Mizdakhan Necropolis, Karakalpakstan
Mizdakhan necropolis, ancient cemetery, located next to the remains of the Gyaur-Kala fortress, is one of the oldest and most visited pilgrimage sites of Karakalpakstan. The fortress received its name during the Arab conquest, and means “a fortress of disbelievers”, as scientists found that the inhabitants of the fortress used to be Zoroastrians before the Arab conquest.
The whole complex of monuments is located on three hills 3-4 km south of the city Khodjeyli in Karakalpakstan. How Mizdakhan became a place of pilgrimage for Muslims? Most likely, Gyaur Kala appeared first. The emergence of the settlement dates back to the 4th century BC. At the first view on the fortress, the power of its ten meters thick walls makes a strong impression, its remnants continue to protect the ruins of the two city citadels, one of which, as believed by archeologists, used to be a construction at the palace, and another one - the Temple of Fire.
The other hill, opposite the fortress, was originally a place for there Zoroastrian cemetery where residents of the fortress buried their dead. This is evidenced by the ossuaries (vessels for burial) discovered by archaeologists, as well as something like dakhma - a tower with a flat roof, where Zoroastrians would leave their dead. Birds chews their bones, and relatives collected the bones and piled in ossuaries.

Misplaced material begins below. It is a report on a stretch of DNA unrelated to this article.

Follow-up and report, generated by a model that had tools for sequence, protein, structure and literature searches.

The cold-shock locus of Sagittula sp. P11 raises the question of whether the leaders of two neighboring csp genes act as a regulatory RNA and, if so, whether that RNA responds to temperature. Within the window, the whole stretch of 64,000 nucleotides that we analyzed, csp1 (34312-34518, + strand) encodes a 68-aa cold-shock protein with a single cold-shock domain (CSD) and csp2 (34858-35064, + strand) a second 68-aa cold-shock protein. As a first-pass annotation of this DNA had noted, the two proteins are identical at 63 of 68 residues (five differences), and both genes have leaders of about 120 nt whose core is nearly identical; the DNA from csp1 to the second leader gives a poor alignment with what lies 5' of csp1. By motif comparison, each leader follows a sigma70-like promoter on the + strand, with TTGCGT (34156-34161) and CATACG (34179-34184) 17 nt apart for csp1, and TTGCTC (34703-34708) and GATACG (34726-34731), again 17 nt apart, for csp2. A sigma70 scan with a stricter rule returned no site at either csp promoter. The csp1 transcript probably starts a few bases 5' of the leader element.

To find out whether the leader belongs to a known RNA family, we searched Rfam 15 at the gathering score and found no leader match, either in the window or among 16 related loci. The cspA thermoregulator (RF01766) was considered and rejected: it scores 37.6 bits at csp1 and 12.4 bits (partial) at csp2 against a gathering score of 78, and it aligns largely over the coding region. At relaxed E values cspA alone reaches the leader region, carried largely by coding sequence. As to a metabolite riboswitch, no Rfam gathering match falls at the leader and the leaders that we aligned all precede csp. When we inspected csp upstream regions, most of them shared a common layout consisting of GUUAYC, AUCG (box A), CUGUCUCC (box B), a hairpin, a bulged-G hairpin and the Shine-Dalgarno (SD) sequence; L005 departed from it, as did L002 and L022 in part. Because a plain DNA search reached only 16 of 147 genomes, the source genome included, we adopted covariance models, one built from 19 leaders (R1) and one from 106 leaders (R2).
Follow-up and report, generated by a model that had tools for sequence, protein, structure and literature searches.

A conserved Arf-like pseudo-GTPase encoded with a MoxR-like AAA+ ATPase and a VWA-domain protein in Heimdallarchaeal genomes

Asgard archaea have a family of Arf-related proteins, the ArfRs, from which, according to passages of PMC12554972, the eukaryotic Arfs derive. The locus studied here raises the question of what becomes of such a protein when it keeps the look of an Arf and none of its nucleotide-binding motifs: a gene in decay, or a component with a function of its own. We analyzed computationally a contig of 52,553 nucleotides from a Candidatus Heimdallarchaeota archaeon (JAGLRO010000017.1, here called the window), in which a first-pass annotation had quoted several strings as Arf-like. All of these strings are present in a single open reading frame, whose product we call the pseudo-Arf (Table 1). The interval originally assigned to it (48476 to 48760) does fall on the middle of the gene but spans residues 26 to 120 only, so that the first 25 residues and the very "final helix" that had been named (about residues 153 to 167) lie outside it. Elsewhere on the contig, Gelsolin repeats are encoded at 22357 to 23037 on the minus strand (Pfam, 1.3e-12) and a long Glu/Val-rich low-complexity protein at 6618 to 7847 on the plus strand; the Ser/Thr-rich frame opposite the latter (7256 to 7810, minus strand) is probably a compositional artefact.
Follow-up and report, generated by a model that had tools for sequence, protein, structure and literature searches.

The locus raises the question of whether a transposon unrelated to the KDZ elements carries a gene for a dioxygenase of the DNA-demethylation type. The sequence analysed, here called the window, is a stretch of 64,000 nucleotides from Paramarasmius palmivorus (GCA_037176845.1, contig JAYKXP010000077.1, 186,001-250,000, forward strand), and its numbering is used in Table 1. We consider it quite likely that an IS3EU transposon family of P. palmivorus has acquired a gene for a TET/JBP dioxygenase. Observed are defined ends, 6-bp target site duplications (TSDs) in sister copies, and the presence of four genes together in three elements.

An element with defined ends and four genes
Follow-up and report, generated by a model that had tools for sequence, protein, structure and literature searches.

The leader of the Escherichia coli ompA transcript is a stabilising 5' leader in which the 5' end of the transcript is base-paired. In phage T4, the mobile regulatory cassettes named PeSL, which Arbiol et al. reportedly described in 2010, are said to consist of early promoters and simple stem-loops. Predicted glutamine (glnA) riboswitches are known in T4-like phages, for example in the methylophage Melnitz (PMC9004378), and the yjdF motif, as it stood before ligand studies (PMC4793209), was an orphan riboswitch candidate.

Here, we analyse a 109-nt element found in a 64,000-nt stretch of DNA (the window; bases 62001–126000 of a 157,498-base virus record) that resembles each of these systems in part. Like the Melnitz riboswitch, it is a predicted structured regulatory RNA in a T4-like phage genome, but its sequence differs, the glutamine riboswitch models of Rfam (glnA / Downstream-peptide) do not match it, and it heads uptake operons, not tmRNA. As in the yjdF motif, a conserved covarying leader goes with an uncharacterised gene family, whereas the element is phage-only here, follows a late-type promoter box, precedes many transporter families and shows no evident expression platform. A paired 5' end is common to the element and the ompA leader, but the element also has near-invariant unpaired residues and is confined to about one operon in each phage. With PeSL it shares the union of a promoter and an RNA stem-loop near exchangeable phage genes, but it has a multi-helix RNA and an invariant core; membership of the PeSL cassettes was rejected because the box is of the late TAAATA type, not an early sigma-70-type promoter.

In the 8th century, after the capture of the fortress by the Arabs, the religion of Zoroastrianism was destroyed in all the open spaces of Central Asia, and the dead were buried according to Muslim rites. Legend has it that Adam's grave is located in the Mizdakhan, this is what contributed to the fact that the necropolis was turned into a holy place. Also, a mausoleum that was erected over Adam's imaginary grave has a special religious meaning. This so-called 'Apocalypse Clocks' and hourglass. Each year a brick falls from the walls of a building, according to legend, when the last brick falls, the end of the world will begin, so the pilgrims try to put the bricks back in construction, believing that God hears their prayers and save them.